An errant US air raid has killed Afghan police in the southern province of Helmand, the US military and local officials said.

The aerial attack on a compound took place on Friday afternoon after Afghan police had retaken a checkpoint captured by the Taliban a day earlier in Gereshk district, north of the provincial capital Lashkar Gah.

"Sixteen Afghan policemen were killed including two commanders. Two other policemen were wounded," Omar Zwak, a spokesman for the governor of Helmand, told Al Jazeera.

"It was most probably a miscommunication or the coordinates were not correct, which resulted in the US air strikes. An investigation has been launched."

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A statement from the US military confirmed the killings, saying, "aerial fires resulted in the deaths of the friendly Afghan forces who were gathered in a compound."

The US military did not provide the number of casualties.

'We are not winning in Afghanistan right now'

The deaths of Afghan police came amid increased fighting in Helmand, a southern province.

The United States has carried out 52 air raids in Helmand over the past five days, including 10 in Gereshk on Thursday, according to the US military headquarters in Kabul.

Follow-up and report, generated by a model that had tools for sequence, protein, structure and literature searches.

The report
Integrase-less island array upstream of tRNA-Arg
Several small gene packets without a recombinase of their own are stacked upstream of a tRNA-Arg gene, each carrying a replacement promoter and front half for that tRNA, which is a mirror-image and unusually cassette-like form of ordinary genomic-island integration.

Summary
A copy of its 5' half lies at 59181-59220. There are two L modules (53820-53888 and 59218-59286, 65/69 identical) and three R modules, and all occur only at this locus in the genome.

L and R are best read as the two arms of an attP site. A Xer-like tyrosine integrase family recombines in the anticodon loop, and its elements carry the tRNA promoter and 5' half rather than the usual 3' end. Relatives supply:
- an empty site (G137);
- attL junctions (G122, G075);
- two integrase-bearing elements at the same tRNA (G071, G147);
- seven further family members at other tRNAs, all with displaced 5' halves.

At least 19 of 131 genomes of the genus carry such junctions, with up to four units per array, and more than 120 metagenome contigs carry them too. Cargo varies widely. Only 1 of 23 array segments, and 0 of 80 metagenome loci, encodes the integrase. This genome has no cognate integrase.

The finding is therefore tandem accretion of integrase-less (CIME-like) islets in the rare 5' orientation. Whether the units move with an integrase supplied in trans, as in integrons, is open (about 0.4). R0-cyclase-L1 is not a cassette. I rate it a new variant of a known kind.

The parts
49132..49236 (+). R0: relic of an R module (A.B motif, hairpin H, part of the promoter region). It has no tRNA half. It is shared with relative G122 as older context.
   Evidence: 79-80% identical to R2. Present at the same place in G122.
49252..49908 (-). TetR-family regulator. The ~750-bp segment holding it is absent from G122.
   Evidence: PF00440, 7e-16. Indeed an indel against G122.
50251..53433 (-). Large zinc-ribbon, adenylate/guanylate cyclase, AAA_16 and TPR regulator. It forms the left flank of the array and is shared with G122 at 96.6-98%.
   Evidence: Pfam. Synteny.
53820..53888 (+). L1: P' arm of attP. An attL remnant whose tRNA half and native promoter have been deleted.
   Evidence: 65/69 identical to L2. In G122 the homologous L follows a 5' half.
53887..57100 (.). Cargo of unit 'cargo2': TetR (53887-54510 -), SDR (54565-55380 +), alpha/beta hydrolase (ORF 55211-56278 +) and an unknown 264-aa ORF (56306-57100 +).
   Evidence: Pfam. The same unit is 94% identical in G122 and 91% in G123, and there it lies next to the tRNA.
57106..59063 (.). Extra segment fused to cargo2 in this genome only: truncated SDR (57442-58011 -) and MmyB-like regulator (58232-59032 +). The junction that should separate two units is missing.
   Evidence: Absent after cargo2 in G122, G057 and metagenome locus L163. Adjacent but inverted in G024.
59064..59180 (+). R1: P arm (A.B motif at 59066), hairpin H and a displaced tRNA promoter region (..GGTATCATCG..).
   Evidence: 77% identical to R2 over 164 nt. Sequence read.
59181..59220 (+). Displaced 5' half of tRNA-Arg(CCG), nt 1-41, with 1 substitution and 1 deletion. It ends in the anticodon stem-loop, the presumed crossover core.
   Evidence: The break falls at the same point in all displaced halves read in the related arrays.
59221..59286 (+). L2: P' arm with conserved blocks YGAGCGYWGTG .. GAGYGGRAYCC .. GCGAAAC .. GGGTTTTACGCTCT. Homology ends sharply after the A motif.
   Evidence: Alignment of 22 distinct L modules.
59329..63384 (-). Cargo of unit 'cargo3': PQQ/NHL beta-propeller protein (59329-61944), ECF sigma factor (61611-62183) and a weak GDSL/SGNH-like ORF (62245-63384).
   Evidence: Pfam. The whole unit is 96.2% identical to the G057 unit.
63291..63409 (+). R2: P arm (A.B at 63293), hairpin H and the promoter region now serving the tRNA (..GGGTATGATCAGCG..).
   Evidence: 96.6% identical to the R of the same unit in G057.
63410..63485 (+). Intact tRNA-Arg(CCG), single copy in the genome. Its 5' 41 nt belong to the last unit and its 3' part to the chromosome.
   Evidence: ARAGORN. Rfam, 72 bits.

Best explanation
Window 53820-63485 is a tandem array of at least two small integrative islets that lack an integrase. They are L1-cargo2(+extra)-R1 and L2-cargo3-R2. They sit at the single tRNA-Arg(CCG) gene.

Friday's incident underlines the complicated security situation in Afghanistan as President Donald Trump's administration weighs sending more troops as part of a new strategy for the region.

READ MORE: NATO troop increase plan draws criticism in Afghanistan

Earlier this week, Afghan security forces backed by US aerial bombardment retook Nawa district south of Lashkar Gah.

The US has been fighting in Afghanistan for nearly 16 years.

In June, James Mattis, the US defence secretary, said: "We are not winning in Afghanistan right now."

Taliban leader's son conducts attack

On Thursday, the son of Taliban leader Mullah Haibatullah Akhunzada died after driving a vehicle laden with explosives into an Afghan military base in the town of Gereshk, Qari Yousaf Ahmadi, the Taliban's main spokesman for southern Afghanistan, said.

Ahmadi said Abdur Rahman had been a student of an Islamic school but had wanted to carry out a suicide attack. "He succeeded in his mission last Thursday," he said.

Taliban fighters drove three captured Humvee vehicles into checkpoints during heavy fighting around Gereshk.

One senior Taliban member, close to Haibatullah's family, said Abdur Rahman had enrolled as a suicide bomber before his father became leader of the Taliban last year and had insisted on continuing after his father took office.

Mullah Haibatullah took over leadership of the Taliban after his predecessor, Mullah Akhtar Mohammad Mansour died in a US drone attack in Pakistan in May 2016.

"Before this, a number of close relatives and family members of previous supreme leaders had conducted suicide bombings but Sheikh Haibatullah has become the first supreme leader whose son sacrificed his life," the senior Taliban member said.

Source: Al Jazeera News